Istanbul: Turkey's largest city and its beating heart

  • W460
  • W460
  • W460
  • W460

Istanbul, the city nestled along the Bosphorus strait for more than 2,500 years, takes another small step on its journey through history this week as voters decide who will lead the metropolis for the next five years.

Local elections will be held across Turkey on Sunday but, as always, the focus will be on the battle to win Istanbul, the country's largest city and its beating heart.

Associated Press photographers set out in the run-up to polling day to capture the spirit of a city that through the ages has captured the imagination of the world, from the Prophet Muhammad to Napoleon Bonaparte.

For many, images of the continent-spanning home to 16 million people focus on two themes: its minaret-punctured skyline and the waterways bustling with oil tankers, ferries and fishing boats.

Mosques dominate the horizon everywhere in Istanbul, especially in the old city where the Suleymaniye Mosque is perhaps the defining pinnacle of 16th-century architect Sinan's work. Down the hill from his masterpiece lies the Hagia Sophia, or Aya Sofya in its Turkish incarnation, a former Byzantine cathedral that echoes Istanbul's Christian past.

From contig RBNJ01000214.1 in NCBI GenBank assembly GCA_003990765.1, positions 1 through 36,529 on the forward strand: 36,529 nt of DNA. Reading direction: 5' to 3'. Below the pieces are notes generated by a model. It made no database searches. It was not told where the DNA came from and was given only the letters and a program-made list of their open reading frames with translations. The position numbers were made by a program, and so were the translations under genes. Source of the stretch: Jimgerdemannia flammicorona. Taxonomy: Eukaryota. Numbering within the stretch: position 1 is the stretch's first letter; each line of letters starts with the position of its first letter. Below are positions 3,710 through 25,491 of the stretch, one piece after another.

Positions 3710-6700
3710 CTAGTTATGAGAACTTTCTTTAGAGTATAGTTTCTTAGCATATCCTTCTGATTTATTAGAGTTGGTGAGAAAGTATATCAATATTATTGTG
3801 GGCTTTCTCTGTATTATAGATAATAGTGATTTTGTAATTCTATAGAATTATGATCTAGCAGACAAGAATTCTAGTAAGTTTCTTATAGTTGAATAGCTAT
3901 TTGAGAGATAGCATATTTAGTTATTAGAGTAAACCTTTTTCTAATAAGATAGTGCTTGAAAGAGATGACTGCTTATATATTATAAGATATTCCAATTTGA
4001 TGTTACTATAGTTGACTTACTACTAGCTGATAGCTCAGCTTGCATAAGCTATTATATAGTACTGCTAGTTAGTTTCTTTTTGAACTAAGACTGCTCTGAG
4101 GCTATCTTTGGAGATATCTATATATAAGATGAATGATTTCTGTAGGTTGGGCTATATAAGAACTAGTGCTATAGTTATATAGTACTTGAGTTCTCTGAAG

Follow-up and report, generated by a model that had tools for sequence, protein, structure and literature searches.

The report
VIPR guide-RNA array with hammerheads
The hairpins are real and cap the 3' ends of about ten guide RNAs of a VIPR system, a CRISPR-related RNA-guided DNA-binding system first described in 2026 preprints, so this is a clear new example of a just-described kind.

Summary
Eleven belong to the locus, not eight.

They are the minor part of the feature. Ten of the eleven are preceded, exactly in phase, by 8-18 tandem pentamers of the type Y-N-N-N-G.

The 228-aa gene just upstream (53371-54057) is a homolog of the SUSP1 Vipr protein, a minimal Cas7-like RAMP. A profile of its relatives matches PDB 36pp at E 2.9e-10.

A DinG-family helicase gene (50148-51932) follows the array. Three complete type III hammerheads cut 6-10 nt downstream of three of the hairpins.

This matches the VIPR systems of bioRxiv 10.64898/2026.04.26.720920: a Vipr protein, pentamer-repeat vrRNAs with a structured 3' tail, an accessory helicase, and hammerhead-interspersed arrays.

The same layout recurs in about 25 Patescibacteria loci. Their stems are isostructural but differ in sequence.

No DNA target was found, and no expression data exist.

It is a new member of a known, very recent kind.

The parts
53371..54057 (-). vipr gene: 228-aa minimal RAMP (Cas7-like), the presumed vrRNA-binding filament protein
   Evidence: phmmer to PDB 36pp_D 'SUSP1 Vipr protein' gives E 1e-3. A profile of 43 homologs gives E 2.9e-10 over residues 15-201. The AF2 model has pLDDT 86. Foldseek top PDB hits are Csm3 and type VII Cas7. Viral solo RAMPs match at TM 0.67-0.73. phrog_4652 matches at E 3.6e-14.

Across the Bosphorus, the channel that splits Europe and Asia, more modern edifices gaze down — the Camlica Mosque, completed five years ago to house 63,000 worshippers, and a nearby 369-meter (1,211-foot) telecommunications tower.

The strait below, which links the Marmara and Black Seas, is synonymous with the city and a daily part of the lives of many residents.

Hundreds of ferry services shuttle back and forth along the Bosphorus competing for space with huge tankers and cargo ships as well as luxury yachts and wooden boats manned by lone fishermen.

The backstreets of Istanbul, however, are where most people live out their daily lives and many tourists fall in love with the city.

Be it the alleyways surrounding the Grand Bazaar or the cobblestones leading to Galata Tower, Istanbul's streets are punctuated by the smell of fresh bread and spices, the chatter of drinkers nursing glasses of the local spirit raki, and the attention of stray cats.

Comments 0